More people would shoot film if the costs weren't so high. I have yet to meet a cinematographer who doesn't still think film is the best visual medium out there. Digital... will, they can count pixels and resolution all they want, but outside of being less expensive to shoot, the only technology benefit is low light capability.
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#12 Michael Rodin

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Posted 14 January 2017 - 05:35 PM

Yes, producing a good image is indeed more difficult on digital. On the other hand, getting an acceptable image is extremely simple. The entry level is very low, and video allows for lazy (cheap) filmmaking - quite a temptation for students and executives alike.

 

To know the limitations of the video camera you're currently using is necessary. But then it goes out of use, and you're left with a s-tload of redundant knowledge.

When I had to shoot a lot on Betacam SP ENG cameras, I learned the basics of video engineering. The generic things like using scopes proved useful. But camera-specific stuff (say, knee processing) is useless knowledge today. What camera (outside of news and OB) uses knee now? Even the ancient F900/3 I keep for non-profit projects shoots with "hyper-gamma" curves instead (which have a shoulder - like film, by the way).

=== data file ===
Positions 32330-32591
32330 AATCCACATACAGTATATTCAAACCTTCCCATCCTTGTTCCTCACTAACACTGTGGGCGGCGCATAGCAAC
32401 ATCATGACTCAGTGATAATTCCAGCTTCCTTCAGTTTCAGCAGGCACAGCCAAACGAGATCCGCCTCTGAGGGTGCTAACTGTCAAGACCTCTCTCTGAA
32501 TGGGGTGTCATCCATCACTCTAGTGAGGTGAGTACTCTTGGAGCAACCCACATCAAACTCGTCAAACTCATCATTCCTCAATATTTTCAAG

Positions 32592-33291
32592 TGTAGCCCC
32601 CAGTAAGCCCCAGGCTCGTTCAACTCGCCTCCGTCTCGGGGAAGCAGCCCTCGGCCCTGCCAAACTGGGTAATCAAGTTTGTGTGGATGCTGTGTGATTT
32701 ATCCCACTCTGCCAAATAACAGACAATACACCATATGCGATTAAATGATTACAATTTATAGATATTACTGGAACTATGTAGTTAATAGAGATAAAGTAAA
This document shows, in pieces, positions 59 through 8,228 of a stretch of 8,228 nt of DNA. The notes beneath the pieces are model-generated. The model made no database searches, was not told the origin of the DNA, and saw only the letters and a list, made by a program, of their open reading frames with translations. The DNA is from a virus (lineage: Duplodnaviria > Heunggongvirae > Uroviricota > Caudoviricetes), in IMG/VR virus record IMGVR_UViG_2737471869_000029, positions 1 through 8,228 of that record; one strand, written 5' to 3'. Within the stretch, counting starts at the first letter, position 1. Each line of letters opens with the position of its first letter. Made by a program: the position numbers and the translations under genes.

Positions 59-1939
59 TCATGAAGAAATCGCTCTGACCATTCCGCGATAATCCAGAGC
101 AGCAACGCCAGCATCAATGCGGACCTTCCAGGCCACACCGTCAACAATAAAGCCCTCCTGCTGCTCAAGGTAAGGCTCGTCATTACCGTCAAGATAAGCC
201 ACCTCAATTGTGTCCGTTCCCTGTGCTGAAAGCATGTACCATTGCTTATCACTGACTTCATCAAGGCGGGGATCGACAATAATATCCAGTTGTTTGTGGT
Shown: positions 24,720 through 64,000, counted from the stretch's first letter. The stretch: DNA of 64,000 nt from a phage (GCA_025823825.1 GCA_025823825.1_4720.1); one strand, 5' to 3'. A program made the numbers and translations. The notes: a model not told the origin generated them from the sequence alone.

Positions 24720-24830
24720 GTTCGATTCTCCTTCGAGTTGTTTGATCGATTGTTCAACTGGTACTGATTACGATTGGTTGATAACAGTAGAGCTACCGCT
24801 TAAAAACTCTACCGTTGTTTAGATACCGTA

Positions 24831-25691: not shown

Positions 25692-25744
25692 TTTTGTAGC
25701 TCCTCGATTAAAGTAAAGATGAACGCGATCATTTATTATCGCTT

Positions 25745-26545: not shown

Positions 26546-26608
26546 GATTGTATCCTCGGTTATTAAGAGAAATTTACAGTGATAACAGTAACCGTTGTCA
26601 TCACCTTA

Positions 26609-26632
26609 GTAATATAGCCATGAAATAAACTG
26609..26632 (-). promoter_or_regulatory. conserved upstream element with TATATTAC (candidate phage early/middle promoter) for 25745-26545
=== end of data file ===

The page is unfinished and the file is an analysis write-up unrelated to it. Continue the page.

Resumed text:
A student would be better off spending time with lighting than wasting it fighting with a low-end camera which will get obsolete in a year and doesn't get used in the industry anyway (film does, however).

And learning to shoot film is mostly about practicing your lighting skills, getting to trust your eye instead of taking 50 spot meter readings of a scene; it's about training your visual memory as well. There aren't too much camera- or stock- specific things involved. I'll say an almost blasphemous thing: you can even leave out sensitometery at first, leave densities/gammas/gradients to the lab while you're making your first steps. Develop an eye for lighting and color contrasts - that's more important.

Learning the "old way", you are camera- and technology-agnostic. You can become a pro gaffer, lighting cameraman, narrative DP, whoever you may, not a "Camera X" shooter" who has to relearn his craft every time a new toy comes out.

 

That said, I understand the rationale under the idea of basically learning craft on a "bad" camera. You get to learn useful things (like using grippery to control problematic video highlights) along the way. I just think you learn a lot of useless stuff too.

 

In what way have practicals replaced HMIs? And why can't I shoot with practicals on, say, 5219?